Freedom had little to do with terrorism attacks

Tom West, West Words
Tom West, West Words

Among the lessons learned this week were:

“Guns don’t kill people, pressure cookers do.”

Or how about:

“Guns don’t kill people, but ricin can.”

Or maybe:

“Guns don’t kill people, fertilizer does.”

I think the underlying message of it all was: It’s a hazardous world out there, so keep your affairs in order.

One of the reactions that I find irritating and unhelpful was uttered by NBC’s Tom Brokaw and other commentators. Brokaw said that this is the price we pay for freedom.

No, it’s not. This is the price we pay for bad parenting, bad genes or bad hormones.

Freedom does not require that you risk life and limb whenever you go out in public. A free society does require that every one of us exercise some self-restraint.

We are now being told that events such as occurred at the end of the Boston Marathon are much rarer today than they used to be. We are safer now. You could have fooled me.

One thing that has always been true of the human condition is that most of us can be convinced of just about anything.

We can even convince people that genocide is good, murdering thousands of people at once. Think Hitler, Idi Amin, the Khmer Rouge and a host of others.

The difference today is that we can form extremist cells much more easily than in the past. Just over a century ago, we were limited by geography. We lived in geographical communities of limited space. Most everybody in that community had a support system because family members were close by. Because we had nothing to compare with, we assumed the community norms were as they should be, even if they were different from the next community.

Then communications technology came along, and the great hope was that by showing people how others lived, we could improve our own lives and also better understand others from outside our community.

What we’ve discovered, however, is that exposure to views conflicting with our own is too threatening. Instead, too many seek out only those with whom they agree.

Earlier this week, writing in the National Journal, Charlie Cook, publisher of the Cook Political Report, bemoaned the loss of swing districts across the United States.

Cook found that in 1998, 164 of the 435 congressional districts could be considered “swing seats” because the citizens in those districts voted within 5 percent of the national partisan average. Back then, 148 districts were solidly Republican and 123 were solidly Democratic.

Today, Cook discovered, only 90 swing districts remain. The number of solidly Republican districts rose to 186 and the number of solidly Democratic to 159.

Furthermore, 15 years ago the median Democratic district voted 7 percentage points more Democratic than the national average and the median GOP district voted 7 percent more Republican. Today, the median numbers are 12 percent more Democratic and 10 percent more Republican.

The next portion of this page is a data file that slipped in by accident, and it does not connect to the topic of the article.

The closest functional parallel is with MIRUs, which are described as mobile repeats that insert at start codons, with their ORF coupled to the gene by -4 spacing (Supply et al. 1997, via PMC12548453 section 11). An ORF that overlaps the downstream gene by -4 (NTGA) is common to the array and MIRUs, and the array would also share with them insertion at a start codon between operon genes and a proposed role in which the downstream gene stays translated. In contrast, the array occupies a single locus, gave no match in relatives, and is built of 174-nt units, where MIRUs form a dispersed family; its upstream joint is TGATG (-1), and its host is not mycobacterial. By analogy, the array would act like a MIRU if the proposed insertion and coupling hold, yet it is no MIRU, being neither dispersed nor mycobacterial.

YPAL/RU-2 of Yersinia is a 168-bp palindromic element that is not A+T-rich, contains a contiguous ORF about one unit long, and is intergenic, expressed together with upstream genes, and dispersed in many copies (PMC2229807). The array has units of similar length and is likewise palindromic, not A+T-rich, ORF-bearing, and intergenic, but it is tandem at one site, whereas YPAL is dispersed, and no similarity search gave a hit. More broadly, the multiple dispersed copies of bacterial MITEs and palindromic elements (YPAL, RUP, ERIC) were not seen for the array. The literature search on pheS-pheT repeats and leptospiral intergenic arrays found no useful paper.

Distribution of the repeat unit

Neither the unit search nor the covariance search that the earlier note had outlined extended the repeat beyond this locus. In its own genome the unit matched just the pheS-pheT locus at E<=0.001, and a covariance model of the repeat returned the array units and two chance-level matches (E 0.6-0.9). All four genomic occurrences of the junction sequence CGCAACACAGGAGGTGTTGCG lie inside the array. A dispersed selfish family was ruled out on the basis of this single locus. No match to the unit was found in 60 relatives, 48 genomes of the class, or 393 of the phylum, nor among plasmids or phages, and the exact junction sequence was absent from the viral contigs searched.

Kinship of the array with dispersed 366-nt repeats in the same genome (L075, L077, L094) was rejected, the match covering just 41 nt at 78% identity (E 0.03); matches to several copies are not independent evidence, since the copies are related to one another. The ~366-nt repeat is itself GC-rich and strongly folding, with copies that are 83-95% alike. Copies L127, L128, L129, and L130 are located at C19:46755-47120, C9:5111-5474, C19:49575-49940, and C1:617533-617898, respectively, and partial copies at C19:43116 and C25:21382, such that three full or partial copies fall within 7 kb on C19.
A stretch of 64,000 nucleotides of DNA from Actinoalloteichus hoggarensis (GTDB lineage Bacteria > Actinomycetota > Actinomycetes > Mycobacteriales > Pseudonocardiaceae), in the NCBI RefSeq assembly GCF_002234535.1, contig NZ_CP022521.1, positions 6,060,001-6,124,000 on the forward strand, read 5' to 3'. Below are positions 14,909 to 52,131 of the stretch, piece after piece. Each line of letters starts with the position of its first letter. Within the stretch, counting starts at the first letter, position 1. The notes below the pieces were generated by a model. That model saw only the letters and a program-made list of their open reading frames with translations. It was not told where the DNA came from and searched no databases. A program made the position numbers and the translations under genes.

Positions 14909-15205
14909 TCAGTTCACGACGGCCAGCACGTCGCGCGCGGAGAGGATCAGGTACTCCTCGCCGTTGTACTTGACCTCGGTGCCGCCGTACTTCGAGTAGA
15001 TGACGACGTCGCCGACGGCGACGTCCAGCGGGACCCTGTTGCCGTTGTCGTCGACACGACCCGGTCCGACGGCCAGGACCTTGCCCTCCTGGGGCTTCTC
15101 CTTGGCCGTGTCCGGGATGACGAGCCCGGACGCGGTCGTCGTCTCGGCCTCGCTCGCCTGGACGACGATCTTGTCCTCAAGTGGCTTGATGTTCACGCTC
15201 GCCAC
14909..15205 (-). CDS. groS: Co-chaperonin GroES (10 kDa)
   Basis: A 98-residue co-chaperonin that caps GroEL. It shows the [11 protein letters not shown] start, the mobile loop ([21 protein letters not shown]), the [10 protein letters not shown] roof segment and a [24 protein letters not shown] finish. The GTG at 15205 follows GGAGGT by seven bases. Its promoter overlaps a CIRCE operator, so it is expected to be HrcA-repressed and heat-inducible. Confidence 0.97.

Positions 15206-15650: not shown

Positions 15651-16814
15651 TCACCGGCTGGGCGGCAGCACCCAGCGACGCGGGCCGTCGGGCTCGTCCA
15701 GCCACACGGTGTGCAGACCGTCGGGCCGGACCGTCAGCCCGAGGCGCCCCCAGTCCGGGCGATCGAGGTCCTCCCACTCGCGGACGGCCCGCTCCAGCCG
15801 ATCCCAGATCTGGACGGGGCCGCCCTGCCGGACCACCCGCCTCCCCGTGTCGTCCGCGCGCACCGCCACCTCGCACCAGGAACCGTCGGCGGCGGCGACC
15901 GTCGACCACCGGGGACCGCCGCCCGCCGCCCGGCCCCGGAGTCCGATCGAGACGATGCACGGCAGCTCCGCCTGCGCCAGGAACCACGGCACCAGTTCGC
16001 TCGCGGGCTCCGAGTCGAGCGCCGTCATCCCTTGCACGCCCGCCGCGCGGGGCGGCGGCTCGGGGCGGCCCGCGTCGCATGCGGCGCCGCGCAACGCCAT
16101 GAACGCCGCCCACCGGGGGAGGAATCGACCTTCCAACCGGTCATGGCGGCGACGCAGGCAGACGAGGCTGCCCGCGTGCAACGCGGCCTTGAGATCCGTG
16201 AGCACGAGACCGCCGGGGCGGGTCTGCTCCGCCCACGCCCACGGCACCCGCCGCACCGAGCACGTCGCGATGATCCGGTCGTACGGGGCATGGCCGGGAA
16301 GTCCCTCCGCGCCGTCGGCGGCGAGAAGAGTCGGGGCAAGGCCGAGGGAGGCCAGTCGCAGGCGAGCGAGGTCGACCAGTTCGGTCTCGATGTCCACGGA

Democrats and Republicans represent a majority of Americans. If they are becoming more extreme, where does that leave the outliers?

Today, we can sit in our bedrooms on the Internet, and find a community of interest, even if it is just redheads obsessed with Justin Bieber. Meanwhile, the person in the next room or apartment can be learning how to make bombs out of pressure cookers.

If nobody is asking. “What’s up?” the human psyche is such that a few of us can come to the belief that the only way to give our lives meaning is to kill a bunch of our fellow humans.

Freedom has nothing to do with it. A century ago, as today, nobody forced people to talk only to people with whom they agreed. The difference is that because communication options are so much more vast, we can narrow our community of thought down to a narrow sliver of extremism, or even lethality.

No countervailing force exists to restore perspective. Freedom or its lack doesn’t affect that.

Federal Judge Learned Hand said it best in 1944: “What do we mean when we say that first of all we seek liberty? I often wonder whether we do not rest our hopes too much upon constitutions, upon laws and upon courts. These are false hopes; believe me, these are false hopes. Liberty lies in the hearts of men and women; when it dies there, no constitution, no law, no court can save it; no constitution, no law, no court can even do much to help it.…

“What is this liberty that must lie in the hearts of men and women? It is not the ruthless, the unbridled will; it is not the freedom to do as one likes. That is the denial of liberty and leads straight to its overthrow. A society in which men recognize no check on their freedom soon becomes a society where freedom is the possession of only a savage few — as we have learned to our sorrow.

“What then is the spirit of liberty? … The spirit of liberty is the spirit which is not too sure that it is right; the spirit of liberty is the spirit which seeks to understand the minds of other men and women; the spirit of liberty is the spirit which weighs their interests alongside its own without bias; the spirit of liberty remembers that not even a sparrow falls to earth unheeded; the spirit of liberty is the spirit of Him who, near 2,000 years ago, taught mankind that lesson it has never learned, but has never quite forgotten; that there may be a kingdom where the least shall be heard and considered side by side with the greatest.”

It’s good that we catch the perpetrators of these crimes, but it’s more important that we retain that spirit of liberty.

Tom West is the editor and general manager of the Record. Reach him at (320) 632-2345 or by e-mail at [email protected].